Created in 1937, Bust à tiroirs explores one of the fundamental obsessions which occupied Salvador Dalí during the late 1930s – the motif of the human body punctuated by drawers, each of which could be unlocked and pulled open to reveal the interior ‘landscape’ of the figure. The theme had first emerged several years before, often in hybrid creatures, or semi-human mannequins, and evolved further during Dalí’s stay in England, where an unfamiliar phrase piqued the artist’s interest. The artist, who still understood only a little English in 1936, heard someone use the typical British phrase ‘chest of drawers’ in passing and, unfamiliar with the term, was immediately struck by the image of a human being with drawers in his or her rib cage. This poetic slippage sparked Dalí’s imagination, resulting in a flurry of drawings and paintings that explore the motif in a variety of guises, most notably in a series of elegant figures with torsos subdivided into a series of open drawers, such as The Anthropomorphic Cabinet (1936). The present work is a rare example amongst this group, as it is the only such drawing to focus on a male figure. Here, Dalí presents the man in a tormented, frenzied state, his head tossed violently downwards to reveal an open drawer that springs from his forehead.
As with The Anthropomorphic Cabinet, the figure in Bust à tiroirs dips its head in an effort to hide from our gaze, allowing their curly hair to fall forward, covering the face and obscuring their expression from view. However, in doing so, the bust causes a hidden drawer in the centre of its forehead to pop open, revealing their internal musings and thoughts to us, which we may examine and pick through. The treatment of the hair is reminiscent of Dalí’s earlier drawings and paintings of the figure Gradiva, which had arisen from his interest in Wilhelm Jensen’s 1903 novel and Sigmund Freud’s subsequent psycho-analytic interpretation of Jensen’s story. Indeed, the motif of the drawers may be seen as a metaphor for the manner in which Freduian psychoanalysis may open the hidden areas of the subconscious, revealing the mysteries and secrets which lay buried in the human psyche, revealing them for others to see. Dalí, who was an enthusiastic follower of Freud, explained this affinity: ‘The only difference between immortal Greece and contemporary times is Sigmund Freud, who discovered that the human body, purely platonic in the Greek epoch, is nowadays full of secret drawers that only psychoanalysis is capable to open’ (Dalí, quoted in ‘Notable Acquisitions at the Art Institute of Chicago,’ in Art Institute of Chicago Museum Studies, Vol. 32, No.1, 2006, pp. 64-65). In combining the motif with the idea of a sculpted figure, Bust à tiroirs may be seen as an important continuation of the concept originally explored in Dalí’s famed Surrealist object, the Venus de Milo aux tiroirs, conceived in 1936. Defying the logics of its materiality, the sculpture’s dramatic movement to avoid our gaze simultaneously suggests animation and solidity, causing us to question our understanding of the bust’s very substance, an effect typical of Dalí’s playfully subversive aesthetic.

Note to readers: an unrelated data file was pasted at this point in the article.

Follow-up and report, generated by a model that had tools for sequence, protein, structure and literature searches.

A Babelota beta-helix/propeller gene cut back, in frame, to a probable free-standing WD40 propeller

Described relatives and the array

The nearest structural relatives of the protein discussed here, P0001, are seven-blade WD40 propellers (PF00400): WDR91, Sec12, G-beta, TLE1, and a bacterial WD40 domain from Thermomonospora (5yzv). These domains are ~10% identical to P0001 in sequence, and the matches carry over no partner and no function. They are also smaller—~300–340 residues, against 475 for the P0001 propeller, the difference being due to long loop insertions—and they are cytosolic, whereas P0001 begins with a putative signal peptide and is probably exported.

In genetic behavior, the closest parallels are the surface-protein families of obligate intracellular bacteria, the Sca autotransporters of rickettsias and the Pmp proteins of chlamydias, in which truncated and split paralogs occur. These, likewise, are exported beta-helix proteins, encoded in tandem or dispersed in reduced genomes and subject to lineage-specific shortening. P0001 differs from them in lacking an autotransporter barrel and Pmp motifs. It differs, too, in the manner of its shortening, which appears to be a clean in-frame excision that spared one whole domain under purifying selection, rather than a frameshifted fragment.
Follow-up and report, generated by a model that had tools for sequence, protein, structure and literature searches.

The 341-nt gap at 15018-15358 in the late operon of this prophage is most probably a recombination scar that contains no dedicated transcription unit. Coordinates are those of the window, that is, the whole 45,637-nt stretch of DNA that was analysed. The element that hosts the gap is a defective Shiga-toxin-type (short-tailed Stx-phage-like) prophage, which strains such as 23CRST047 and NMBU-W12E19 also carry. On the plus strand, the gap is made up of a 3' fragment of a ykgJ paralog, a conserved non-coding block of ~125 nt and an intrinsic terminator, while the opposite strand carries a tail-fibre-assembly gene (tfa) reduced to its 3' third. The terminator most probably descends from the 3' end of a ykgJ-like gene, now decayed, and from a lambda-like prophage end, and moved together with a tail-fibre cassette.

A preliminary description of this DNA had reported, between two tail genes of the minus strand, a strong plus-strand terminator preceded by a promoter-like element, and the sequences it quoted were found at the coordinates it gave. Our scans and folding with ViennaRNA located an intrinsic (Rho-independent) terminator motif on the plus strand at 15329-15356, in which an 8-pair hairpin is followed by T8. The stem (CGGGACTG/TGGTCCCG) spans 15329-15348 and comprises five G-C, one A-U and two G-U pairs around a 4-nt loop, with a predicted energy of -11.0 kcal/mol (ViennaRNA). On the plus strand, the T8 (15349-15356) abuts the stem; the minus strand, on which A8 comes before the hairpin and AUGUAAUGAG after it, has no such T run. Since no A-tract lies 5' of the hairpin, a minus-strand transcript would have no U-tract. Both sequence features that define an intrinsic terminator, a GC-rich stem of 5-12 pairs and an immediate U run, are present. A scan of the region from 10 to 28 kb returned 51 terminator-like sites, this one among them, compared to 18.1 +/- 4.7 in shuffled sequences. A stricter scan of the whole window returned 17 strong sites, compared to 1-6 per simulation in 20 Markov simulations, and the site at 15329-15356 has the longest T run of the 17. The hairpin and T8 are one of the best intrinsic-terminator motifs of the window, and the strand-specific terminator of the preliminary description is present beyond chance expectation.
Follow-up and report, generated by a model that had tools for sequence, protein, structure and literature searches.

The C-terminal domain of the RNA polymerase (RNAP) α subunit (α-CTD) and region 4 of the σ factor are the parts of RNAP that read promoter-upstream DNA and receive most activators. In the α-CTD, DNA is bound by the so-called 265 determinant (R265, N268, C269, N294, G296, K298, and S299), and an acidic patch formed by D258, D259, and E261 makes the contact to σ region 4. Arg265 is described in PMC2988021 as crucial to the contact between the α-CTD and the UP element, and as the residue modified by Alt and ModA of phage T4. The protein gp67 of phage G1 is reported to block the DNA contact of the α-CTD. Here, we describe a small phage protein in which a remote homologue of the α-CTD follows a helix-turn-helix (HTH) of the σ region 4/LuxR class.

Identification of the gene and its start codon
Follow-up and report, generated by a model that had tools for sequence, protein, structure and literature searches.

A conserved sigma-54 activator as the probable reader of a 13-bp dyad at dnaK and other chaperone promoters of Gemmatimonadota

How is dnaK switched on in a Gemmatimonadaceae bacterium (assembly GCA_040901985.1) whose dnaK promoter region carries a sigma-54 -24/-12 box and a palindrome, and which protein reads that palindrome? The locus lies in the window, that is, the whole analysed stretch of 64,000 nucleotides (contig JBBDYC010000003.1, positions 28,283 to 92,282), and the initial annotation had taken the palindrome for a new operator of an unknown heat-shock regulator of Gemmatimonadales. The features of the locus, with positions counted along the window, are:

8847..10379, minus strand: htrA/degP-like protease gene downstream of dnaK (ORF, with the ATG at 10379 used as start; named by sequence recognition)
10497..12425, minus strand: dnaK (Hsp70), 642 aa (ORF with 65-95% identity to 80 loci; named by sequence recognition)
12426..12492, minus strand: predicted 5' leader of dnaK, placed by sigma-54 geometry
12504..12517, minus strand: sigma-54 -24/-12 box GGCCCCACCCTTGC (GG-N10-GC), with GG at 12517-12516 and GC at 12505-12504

Almost immediately after its creation, Bust à tiroirs entered the collection of the renowned British eccentric, poet and patron, Edward James, who used much of his inherited fortune to support artists and projects associated with Surrealism. Cultivating close friendships with many of the principal protagonists of the movement, James became a pioneering collector, and was a driving force behind the pivotal 1936 International Surrealist Exhibition at the Burlington Galleries in London. Counting Marcel Duchamp, Pablo Picasso, Leonora Carrington and more amongst his friends, by 1939, James had amassed one of the greatest Surrealist collections in the world. Dalí had first met James in 1934, and the pair enjoyed a lasting and fruitful friendship. In 1936, during a visit to James’s London home, they conceived of elaborate Surrealist project that would transform the interiors into an eclectic, imaginary environment. Furthering the idea of a Surrealist object, a concept Dalí had proposed in 1931, they collaborated on a range of highly theatrical, surreal interior schemes, objects and pieces of furniture, transforming the rooms of James’s country home, Monkton, into fantastical surrealist visions: a sofa became a pair of scarlet red lips inspired by a photograph of screen siren, Mae West, a pair of lamps was created from a tower of golden Champagne glasses, and in Lobster Telephone, a phone has metamorphosed into a lobster. With these surreal objects, assemblages and paranoiac-critical interiors, Dalí significantly expanded the artistic possibilities of Surrealism, pushing this groundbreaking movement into an experimental new dimension.
It was during this period that James became concerned that the artist was struggling to make a living with his art. In December 1936, a contract was drawn up between the two, in which James committed his financial support to Dalí’s artistic vision. Under its conditions, James would take sole ownership of Dalí’s entire artistic output from June of the following year, through to the summer of 1938, in exchange for a generous allowance. James believed that the agreement would allow Dalí a new sense of liberty, unburdened by financial worries, that would allow him to fulfil his true creative potential. Bust à tiroirs most likely entered James’s collection as a result of this agreement, and remained in his collections for over forty years.